KXL Hearing Ends, One Day Early

A group of environmental groups and landowners gather outside the Nebraska Public Service Commission office before delivering comments. (Photo by Ariana Brocious, NET News)
August 10, 2017 - 5:30pm

The Keystone XL hearing ended Thursday morning, one day earlier than scheduled.


Thursday morning’s brief cross-examination of a couple TransCanada witnesses focused mostly on whether or not the company had adequately evaluated cultural resources, like the Ponca Trail of Tears, on the pipeline route.

Yankton-Sioux lawyer Jennifer Baker expressed some of the same concerns after the hearing.

"They have not included tribal experts in all of their surveys. Tribal experts have not just have the qualifications that the archaeologist may have but they also have that unique knowledge, historical knowledge, spiritual knowledge that a non-native archeologist just doesn’t have, so they’re not going to find everything a tribal member would find," Baker said.

Baker also said they were frustrated that tribes were limited to only one witness each.

After the hearing adjourned, all parties declined to speculate on the final outcome, but said appeals are likely.

Despite reports that the company may not build the pipeline, TransCanada spokesman Matthew John said they’re continuing to work on getting long-term contracts in place.

"And we are making very good progress on that, and we’re absolutely committed to making this project a reality," John said.

Dave Domina, the lawyer representing landowners, said one finding from the hearing was the fact that TransCanada could move or change the pipeline route.

"The people of Nebraska and the commission have been told for quite a while that this preferred route can’t move because of the South Dakota action. But their chief engineer admitted that’s not true. So they could use the other route, the existing pipeline route. They simply don’t prefer it, so that’s a big deal," Domina said.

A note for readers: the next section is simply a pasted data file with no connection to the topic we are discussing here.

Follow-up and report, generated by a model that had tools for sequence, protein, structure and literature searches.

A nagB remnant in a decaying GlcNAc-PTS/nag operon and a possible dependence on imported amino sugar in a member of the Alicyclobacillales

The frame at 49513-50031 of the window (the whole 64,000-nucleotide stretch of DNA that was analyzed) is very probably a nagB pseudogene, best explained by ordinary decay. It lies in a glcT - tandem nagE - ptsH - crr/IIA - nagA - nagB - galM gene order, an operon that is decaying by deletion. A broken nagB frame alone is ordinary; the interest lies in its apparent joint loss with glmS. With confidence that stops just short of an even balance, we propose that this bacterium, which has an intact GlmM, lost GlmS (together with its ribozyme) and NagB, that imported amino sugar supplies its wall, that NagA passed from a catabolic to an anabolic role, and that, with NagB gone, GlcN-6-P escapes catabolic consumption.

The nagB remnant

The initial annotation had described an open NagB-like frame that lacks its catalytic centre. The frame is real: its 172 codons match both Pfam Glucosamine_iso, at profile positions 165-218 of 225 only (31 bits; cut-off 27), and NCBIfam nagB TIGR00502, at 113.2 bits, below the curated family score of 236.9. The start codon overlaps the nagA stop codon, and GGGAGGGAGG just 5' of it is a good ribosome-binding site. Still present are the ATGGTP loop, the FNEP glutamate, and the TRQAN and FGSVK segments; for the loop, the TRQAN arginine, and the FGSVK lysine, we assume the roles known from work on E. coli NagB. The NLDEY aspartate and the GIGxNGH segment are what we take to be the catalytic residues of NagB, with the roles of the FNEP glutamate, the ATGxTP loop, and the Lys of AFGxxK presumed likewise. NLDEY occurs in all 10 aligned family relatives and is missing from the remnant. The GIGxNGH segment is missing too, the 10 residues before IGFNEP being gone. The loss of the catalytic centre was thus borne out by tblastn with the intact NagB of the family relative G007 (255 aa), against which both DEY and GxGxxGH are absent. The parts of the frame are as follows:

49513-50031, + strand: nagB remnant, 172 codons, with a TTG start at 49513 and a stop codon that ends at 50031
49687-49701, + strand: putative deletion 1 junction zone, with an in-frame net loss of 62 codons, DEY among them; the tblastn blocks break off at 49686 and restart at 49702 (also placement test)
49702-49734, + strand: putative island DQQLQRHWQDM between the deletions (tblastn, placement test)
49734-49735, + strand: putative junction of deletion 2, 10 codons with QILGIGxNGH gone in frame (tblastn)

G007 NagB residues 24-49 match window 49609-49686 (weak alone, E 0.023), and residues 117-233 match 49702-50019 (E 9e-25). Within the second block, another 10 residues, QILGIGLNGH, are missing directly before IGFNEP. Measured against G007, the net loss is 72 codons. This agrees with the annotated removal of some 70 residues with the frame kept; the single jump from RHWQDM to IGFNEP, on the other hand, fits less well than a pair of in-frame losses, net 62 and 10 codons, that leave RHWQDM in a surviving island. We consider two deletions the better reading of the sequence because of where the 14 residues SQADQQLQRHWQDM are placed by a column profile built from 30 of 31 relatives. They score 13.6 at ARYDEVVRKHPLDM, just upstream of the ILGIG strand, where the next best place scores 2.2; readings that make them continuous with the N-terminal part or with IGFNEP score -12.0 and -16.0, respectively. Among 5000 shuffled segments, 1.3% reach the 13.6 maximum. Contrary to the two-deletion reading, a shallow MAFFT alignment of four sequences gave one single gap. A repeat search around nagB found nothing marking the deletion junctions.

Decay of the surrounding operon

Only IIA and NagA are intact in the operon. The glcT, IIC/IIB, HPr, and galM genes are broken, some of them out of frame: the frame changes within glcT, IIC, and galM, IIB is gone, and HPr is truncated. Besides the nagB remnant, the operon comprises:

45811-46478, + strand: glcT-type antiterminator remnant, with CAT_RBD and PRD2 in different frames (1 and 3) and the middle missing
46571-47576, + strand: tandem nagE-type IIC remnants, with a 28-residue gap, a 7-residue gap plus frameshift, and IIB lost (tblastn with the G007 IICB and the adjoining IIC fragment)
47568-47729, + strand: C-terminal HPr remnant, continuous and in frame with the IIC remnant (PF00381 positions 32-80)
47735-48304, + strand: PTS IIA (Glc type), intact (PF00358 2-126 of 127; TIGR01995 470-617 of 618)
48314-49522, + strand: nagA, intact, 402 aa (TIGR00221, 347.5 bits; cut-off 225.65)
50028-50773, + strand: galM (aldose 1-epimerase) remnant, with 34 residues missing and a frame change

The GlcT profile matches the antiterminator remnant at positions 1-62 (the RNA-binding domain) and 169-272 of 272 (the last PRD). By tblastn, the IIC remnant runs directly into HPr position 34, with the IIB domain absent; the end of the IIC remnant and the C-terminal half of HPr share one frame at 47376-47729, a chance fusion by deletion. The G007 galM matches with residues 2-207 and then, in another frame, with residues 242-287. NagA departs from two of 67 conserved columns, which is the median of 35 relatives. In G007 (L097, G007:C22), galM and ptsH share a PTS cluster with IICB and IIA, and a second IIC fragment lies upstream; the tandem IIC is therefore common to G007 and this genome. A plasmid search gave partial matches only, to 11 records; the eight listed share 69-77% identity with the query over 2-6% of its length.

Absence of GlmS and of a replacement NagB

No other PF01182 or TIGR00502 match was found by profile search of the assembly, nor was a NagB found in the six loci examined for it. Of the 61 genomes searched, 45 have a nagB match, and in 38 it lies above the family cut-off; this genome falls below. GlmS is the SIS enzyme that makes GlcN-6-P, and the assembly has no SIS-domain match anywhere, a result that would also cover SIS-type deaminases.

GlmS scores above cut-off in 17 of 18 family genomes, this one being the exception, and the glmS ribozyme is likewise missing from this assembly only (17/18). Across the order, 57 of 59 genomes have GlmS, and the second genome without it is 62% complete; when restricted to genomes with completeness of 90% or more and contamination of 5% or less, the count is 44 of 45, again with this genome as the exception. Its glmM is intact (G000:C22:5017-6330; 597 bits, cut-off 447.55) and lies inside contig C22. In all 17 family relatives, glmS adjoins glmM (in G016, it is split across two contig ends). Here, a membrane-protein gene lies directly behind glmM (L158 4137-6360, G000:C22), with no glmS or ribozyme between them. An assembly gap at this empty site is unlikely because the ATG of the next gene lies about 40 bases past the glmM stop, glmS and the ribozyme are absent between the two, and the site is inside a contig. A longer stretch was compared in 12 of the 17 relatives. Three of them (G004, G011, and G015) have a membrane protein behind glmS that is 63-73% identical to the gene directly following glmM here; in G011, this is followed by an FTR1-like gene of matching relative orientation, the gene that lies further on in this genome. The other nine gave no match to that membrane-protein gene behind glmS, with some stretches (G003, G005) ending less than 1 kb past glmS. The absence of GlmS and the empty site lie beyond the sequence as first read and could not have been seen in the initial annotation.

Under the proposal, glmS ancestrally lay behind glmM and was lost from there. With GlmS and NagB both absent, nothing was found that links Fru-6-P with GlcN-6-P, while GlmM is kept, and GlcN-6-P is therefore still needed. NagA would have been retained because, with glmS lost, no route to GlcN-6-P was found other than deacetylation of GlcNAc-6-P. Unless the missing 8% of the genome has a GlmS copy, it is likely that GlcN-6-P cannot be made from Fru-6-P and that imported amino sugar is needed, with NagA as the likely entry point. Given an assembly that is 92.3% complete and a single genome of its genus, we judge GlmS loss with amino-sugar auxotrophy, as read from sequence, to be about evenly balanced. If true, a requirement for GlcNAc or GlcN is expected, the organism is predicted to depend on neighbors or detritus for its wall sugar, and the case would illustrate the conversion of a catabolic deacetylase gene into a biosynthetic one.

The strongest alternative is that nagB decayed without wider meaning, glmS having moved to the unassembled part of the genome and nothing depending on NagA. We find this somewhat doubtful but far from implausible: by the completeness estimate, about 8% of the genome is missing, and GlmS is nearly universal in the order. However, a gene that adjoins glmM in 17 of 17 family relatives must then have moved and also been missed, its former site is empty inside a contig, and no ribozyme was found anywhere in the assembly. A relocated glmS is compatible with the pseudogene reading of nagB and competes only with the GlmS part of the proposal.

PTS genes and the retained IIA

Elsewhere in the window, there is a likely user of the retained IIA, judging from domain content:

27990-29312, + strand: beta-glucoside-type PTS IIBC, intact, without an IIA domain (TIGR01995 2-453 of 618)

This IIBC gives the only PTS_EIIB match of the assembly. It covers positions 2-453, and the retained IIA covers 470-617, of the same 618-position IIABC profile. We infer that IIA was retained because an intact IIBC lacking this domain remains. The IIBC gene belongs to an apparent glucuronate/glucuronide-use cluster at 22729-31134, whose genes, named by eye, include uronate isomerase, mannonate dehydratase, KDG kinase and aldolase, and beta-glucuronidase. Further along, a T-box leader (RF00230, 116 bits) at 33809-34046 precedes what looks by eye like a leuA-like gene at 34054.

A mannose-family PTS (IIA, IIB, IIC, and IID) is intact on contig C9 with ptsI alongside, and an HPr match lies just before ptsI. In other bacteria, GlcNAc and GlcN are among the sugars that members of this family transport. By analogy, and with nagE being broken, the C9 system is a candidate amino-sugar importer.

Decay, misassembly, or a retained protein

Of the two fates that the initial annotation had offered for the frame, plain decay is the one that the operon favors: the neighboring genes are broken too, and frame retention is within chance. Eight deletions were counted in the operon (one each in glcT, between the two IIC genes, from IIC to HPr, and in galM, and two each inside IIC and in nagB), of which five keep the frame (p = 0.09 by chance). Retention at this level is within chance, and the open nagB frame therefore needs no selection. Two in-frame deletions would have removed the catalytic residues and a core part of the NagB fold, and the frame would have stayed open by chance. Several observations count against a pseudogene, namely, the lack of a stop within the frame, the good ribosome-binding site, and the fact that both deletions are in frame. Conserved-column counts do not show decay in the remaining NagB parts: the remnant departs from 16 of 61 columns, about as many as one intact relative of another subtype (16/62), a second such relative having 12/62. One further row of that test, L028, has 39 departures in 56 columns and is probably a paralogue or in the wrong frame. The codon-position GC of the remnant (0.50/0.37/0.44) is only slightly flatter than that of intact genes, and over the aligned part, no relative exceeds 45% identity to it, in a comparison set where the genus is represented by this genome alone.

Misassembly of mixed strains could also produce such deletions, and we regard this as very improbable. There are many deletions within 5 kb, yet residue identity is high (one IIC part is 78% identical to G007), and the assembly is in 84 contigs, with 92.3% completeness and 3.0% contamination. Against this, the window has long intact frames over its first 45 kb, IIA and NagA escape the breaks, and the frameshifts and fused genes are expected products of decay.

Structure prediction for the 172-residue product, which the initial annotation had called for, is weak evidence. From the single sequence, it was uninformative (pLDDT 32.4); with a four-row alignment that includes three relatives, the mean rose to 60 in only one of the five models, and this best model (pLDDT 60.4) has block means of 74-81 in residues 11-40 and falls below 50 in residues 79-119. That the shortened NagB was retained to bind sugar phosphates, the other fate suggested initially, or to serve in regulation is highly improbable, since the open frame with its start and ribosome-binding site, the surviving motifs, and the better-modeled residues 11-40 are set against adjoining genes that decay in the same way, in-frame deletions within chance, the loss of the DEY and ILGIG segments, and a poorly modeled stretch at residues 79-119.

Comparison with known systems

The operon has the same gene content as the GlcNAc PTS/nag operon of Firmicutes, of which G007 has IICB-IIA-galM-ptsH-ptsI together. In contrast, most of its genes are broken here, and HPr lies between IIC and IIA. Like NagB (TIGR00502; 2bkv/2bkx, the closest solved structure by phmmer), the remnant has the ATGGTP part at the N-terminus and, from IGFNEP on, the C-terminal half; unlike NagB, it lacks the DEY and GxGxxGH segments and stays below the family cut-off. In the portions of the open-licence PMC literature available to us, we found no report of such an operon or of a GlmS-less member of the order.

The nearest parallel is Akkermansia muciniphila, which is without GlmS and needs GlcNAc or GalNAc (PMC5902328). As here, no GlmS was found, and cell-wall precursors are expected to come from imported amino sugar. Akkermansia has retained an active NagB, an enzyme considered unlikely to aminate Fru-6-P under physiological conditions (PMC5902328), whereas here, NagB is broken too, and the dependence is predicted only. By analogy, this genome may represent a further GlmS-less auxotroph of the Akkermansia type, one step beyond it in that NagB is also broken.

Jane Kleeb of Bold Alliance reiterated her group’s opposition to the pipeline, saying it threatens Nebraska water resources and property rights.

"We are not going to let an inch of foreign steel to touch Nebraska soil. We are ready to fight no matter what decision comes down," Kleeb said. She also indicated there may be nonviolent civil disobedience in the event the pipeline is approved. Prior to the hearing, her group, along with others including the Sierra Club, 350.org, and Oil Change International, hand-delivered more than 461,000 public comments to the Nebraska Public Service Commission, urging them to reject the construction permit for the Keystone XL pipeline.

All sides will submit their closing arguments in writing by the end of September, at which point the Public Service Commission will complete the massive job of reviewing the extensive testimony and evidence to make its decision by November 23rd.

The public comment period will remain open until 5 PM Friday, August 11.

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